By: Emily Hulbert
“Ok, does anyone have any questions on how to solve this implicit differentiation problem?” Patricia Fallon asks her 4th period Calculus class. The question is met with blank stares and crinkled noses. Although this is a confusing topic, Mrs. Fallon knows her students can handle it. Turning to the smartboard, she goes over the problem, a second time, emphasizing certain parts that are most difficult. She is awaiting to see and hear the most rewarding part of teaching. After a multitude of questions and comments, it finally happens… the students, who struggled to put their minds around taking a derivative of both y and x, have finally allowed the concept to click. The words “Oh” and “Now I understand” dance around room 252 as light bulbs begin to turn on one by one. Mrs. Fallon smiles. The students have had their “aha” moment.
Mrs. Fallon, the AP Calculus and Geometry teacher at Long Beach High School, knew she wanted to be a math teacher since she was a young girl. To her, math was a challenging puzzle: all the pieces needed to be put together to reach the final product.
Life was far from dull in the Donahue household. Mrs. Fallon lived in a first generation Irish middle class home with her mother Rita Donahue, father Bob Donahue, and four siblings. While her mother stayed home to take care of the children, her father had an exciting job working for NBC News as a cameraman, frequently traveling to cover breaking news stories. Although her father was very successful, math was not his strong suit. “I think the math aptitude, shared with my siblings, comes from my mom’s side. My Dad had to do algebra twice in high school!” Two of her uncle’s from her mother’s side, one whom graduated Rensselaer Polytechnic Institute at 19, were engineers.
In 1973, Mrs. Fallon attended the College of William and Mary in Williamsburg Virginia. Although she took a variety of math classes, not all of them were her favorite. “I did not really like the applied classes, but I loved things like number theory, game theory, and all the algebras! I took a course in non-euclidean geometry that was fun.”In her eyes, math was like a piece of art. “It’s beauty is in its application to the real world and in its timelessness.” Her four years of hard work paid off in 1977 when she achieved a bachelors in math. As a child of a father who was the first to finish college in his family and a mother who only finished high school, Mrs. Fallon was proud of all that she was able to accomplish. Now she was ready to pursue a career where she could share the wonderful secrets of a subject she adores.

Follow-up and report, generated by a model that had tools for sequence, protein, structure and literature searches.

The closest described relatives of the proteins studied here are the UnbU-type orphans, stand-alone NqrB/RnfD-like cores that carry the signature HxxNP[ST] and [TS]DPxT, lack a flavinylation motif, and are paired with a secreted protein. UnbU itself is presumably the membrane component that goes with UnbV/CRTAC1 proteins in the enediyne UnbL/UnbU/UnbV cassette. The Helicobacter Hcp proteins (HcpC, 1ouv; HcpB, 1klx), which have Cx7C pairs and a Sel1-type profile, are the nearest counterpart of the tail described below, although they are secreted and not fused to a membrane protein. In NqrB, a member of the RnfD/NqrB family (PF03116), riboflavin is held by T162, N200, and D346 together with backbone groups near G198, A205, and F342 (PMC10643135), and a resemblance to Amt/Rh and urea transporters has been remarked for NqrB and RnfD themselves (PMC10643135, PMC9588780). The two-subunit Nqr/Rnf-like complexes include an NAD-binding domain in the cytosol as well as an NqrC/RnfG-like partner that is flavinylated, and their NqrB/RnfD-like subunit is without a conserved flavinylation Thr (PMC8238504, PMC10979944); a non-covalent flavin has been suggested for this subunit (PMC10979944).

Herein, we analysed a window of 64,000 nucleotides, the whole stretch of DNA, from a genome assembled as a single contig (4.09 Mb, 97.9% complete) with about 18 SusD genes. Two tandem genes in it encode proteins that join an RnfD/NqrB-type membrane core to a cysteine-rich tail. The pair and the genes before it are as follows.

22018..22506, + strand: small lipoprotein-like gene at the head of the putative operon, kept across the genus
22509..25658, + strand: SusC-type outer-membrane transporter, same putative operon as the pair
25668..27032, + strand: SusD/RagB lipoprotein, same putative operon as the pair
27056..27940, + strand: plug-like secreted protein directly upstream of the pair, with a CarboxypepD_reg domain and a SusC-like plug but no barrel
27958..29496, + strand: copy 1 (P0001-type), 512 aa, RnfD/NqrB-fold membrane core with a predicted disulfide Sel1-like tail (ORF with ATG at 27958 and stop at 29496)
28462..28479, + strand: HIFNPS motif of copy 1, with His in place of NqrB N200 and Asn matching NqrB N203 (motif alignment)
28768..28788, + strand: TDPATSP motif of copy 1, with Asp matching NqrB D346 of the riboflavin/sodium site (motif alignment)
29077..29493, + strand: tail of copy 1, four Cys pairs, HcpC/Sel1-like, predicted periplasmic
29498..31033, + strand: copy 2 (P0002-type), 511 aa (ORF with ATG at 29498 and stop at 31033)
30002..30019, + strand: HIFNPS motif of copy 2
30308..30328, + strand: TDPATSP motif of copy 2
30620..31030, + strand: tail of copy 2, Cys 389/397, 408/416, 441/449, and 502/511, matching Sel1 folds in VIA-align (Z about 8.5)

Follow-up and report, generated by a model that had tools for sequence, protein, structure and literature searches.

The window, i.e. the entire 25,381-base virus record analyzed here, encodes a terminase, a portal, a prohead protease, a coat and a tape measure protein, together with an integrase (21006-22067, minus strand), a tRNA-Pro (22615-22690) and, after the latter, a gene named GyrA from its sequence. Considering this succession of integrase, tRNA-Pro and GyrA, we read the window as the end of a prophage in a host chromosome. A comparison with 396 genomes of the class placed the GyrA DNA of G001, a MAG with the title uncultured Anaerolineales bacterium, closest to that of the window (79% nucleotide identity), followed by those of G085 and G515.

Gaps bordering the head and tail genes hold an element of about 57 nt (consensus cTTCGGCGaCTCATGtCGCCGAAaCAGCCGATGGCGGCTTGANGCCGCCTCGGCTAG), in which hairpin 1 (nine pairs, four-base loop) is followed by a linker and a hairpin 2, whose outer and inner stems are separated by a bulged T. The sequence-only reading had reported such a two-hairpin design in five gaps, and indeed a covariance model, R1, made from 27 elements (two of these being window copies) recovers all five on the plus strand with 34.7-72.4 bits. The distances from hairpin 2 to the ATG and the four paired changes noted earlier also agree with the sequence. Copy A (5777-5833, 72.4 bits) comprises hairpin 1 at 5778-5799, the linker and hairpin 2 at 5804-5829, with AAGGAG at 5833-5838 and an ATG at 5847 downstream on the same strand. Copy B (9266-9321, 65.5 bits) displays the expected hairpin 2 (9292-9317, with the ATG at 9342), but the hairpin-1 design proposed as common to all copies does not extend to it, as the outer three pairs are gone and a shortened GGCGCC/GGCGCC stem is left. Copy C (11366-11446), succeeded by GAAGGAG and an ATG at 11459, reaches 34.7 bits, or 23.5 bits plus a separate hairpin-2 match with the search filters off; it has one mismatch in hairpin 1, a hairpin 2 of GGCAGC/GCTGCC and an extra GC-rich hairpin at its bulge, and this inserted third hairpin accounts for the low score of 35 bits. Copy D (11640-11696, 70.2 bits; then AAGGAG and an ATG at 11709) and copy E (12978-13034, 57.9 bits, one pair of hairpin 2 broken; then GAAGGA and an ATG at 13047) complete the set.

Or so she thought. After she graduated, Mrs. Fallon got engaged to Peter Fallon, who was studying to become a graduate assistant. As the pile of expenses kept on growing larger, the need for money became crystal clear. Mrs. Fallon went on a long pursuit to high schools all over the island, but could not find one single teaching job available. Desperate and in great need of money, she took advice from her cousin and worked to become an actuary. Her magical math abilities yet again came in handy as she passed the actuary exam the first time and spent seven years analyzing the chances of undesirable events happening within a company. Still, her heart yearned for her true passion of teaching.
Her dream was put into reality in 1996 when Mrs. Fallon was offered a teaching and leadership position at Kellenberg High School. She stayed at this job until 2002, when she took a teaching job at Long Beach High School. With each passing day Mrs. Fallon always brings a smile to her classroom, no matter if she has or hasn’t had her coffee and cereal. With so many students struggling with the curriculum, Mrs. Fallon is always ready to share her help at anytime.
With working ten hours a day and teaching five periods, it’s hard to believe that anyone would have the energy to pursue any leisure activities; not for Mrs. Fallon. She makes time for other activities that she loves; such as reading Jane Austen novels, watching Casablanca, planting perennials, and traveling to places like Ireland. Still, nothing could take the place of math in her heart. Every aspect of her job, even the relentless photocopying, brings her joy and happiness.
The “ah-ha” moments Mrs. Fallon sparks within her classroom has done more than change the way her students look at math. Many of her old students still contact her to say thank you for inspiring them to pursue a career in math and to ask for help on college-level calculus problems. The bonds Mrs. Fallon builds with her students help to create a fun learning atmosphere. Mrs. Fallon shares her endless knowledge of math along with wise advice that relates to life in and outside of the classroom. Even on her free periods, Mrs. Fallon offers help opportunities for students to do better on tests.More than anything, she wants her students to succeed in overcoming their difficulties with math.
After interviewing Mrs. Fallon, my perception of math took a turn for the better. Instead of thinking about math on the surface level, I began to think deeper, associating theorems and concepts to real life situations. Just recently, I figured out what Mrs. Fallon meant when she said, “I love how math challenges me and I love the feeling when I “get it””. The feeling that comes after you put all the pieces of the “math puzzle” into place by yourself. I look forward to 4th period so that I can challenge myself with math problems and allow myself to have my fill of “aha” moments.